Now that the children have left for university and city life, the simplicity of the resilience kitchen shows through. I’ve been exploring this concept in depth recently, researching for my next book.
I’m exploring food resilience in a rapidly urbanising area. If the global food transport network became subject to frequent disruption, you might have to live on stored food supplemented by what you could grow within walking distance. Local farmers and growers would become an important part of your landscape again, in between the arrivals of imported foods at the declining supermarkets.
The erratic income of an author is well suited to such experiments. My colleague, Linda Benfield, and I acquired an allotment this year, in addition to our gardens. With the extra land, we’re quite well off for fresh vegetables now. Next season, we plan to grow wheat and tobacco!
We’re not small holders. We depend on local farms – we still have a few – for milk, eggs and meat. Potatoes, grains, sugar and spices come from the food co-operative; other supplies from the cash and carry. We can’t provide everything for our households from two gardens and an allotment, but we’re learning what else we need. A lifestyle more in tune with the unfolding seasons, more importance given to locally based food suppliers, more gardeners!
We’re resilience gardeners, cultivating survival skills, and every little helps!
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It’s been said that the December Solstice is the start of winter, but it’s really the middle. Winter is half over….by Imbolc, Candlemas, in February, the first green shoots of spring can be seen. No matter how you feel about Xmas, the sun has still embarked on its summer pathways now, and the daylight will increase.
This was crucial in Northern lands, where communities had to live on stored food for months. The days of feasting celebrated the coming end of winter, not its beginning!
The news about the rail strike on the BBC condescendingly described it as ‘a dispute about opening train doors’.
It’s nothing of the sort. It’s about eliminating human workers inside the trains and ultimately on the platforms too. The driver, who one would hope is concentrating on driving the train, now has to ensure it’s safe to move off without any second opinion.
I suppose there would be a camera feed of the platform to his cab – unless it malfunctions. There’s unlikely to be sound. The cry of a mother to her runaway toddler, the eruption of an argument about to get violent, a lone woman traveller calling for help; all go unheard. The train moves off like a hopper on a factory conveyor belt.
It’s not just emergency response which will suffer through this shortsighted plan, underpinned by greed. The London train system isn’t just a transit tube for commuters. It’s a conduit for tourists as well.
On my return from Iceland, I landed at Luton Airport. From the ticket machines at the airport door to the unscheduled diversion which took me miles from my destination without warning, I found this system to be relentlessly user-hostile. As the commuters flicked through the small entry gates, I had to drag my heavy suitcase to the double doors. I’ve often observed that these are temperamental; luckily there were still staff around to manage them for me.
I have an Oyster card. I use it once a year or so. I have no idea how the amount of money on it relates to a train journey. I don’t want to show my credit card to a machine. I want to be able to pay in cash and ask some questions at a ticket window, but these seem to have vanished already. The new streamlined system only caters for travellers who already know it off by heart.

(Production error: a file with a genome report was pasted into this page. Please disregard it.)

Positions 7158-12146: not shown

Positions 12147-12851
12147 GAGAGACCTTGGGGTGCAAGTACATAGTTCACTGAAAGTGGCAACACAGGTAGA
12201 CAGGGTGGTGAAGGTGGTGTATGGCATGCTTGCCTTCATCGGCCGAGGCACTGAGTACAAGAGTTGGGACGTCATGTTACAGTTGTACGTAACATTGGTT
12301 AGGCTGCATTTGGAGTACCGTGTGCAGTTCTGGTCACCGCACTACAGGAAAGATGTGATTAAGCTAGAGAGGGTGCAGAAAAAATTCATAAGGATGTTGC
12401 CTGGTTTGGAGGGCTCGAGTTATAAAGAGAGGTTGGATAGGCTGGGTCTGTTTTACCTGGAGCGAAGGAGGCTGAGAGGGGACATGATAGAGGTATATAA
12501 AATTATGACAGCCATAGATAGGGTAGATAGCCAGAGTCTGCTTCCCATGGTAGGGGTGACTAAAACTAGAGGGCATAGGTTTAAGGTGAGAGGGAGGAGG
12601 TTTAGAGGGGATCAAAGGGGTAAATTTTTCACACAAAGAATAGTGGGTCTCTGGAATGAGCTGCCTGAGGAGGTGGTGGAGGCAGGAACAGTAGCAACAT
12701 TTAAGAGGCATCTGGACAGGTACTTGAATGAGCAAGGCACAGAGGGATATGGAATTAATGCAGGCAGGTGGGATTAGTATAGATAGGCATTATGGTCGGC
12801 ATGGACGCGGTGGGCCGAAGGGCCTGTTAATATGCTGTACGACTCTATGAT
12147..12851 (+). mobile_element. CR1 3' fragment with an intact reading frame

Communters are trapped in this system, but tourists have options. Machines can’t respond to unusual problems as humans can. The combination of ancient brickwork and automation will always look tawdry and sinister, never efficiently hi-tech. There needs to be the reassuring presence of knowledgeable and experienced people in recognisable uniforms.
Train and platform staff are crucial to the London tourist industry.
Readers of the Resilience Handbook may like to refer to one of the recommended reading books here. ‘Small World’ by Mark Buchanan, chapter 8 ‘Costs and Consequences’ (p131 in my copy), describes how transport congestion affects the expansion of airport hubs. If train services in London continue to develop down this dismal path, the third runway at Heathrow could well become redundant before it’s even completed.
I’ll be flying from regional airports in future, and I expect many other tourists will make the same decision. The network will shift focus.
My trip to Iceland was a journey through the island’s past. I was well acquainted with the Sagas, set in the period just after Settlement, from about 900 to 1050 AD, which described a prosperous landscape. I knew that deforestation quickly became a problem and Icelanders avoided the fate of their relatives in Greenland by a very small margin.*
One of my first stops was the Settlement Exhibition in Reykjavik. This museum has been built over an excavated longhouse from the Saga days. Its inhabitants enjoyed Iron Age luxury in their spacious ‘hvoll’ surrounded by natural abundance.
Following the prosperity of the early days came the Little Ice Age which began in the 1300s and lasted nearly six centuries. The trees cut for firewood, building and smelting iron didn’t grow back. The topsoil was lost and barley cultivation ceased. The fjords filled with ice; the fishing boats rotted on the strand with no wood for repairs.
There wasn’t even enough firewood to boil seawater for salt, essential for preserving food through the long winters. Luckily cows were able to survive, presumably living on seaweed and lichens like the people, and there was plenty of whey left over from butter making. The Icelanders expanded traditional techniques of preserving meat in lactic acid.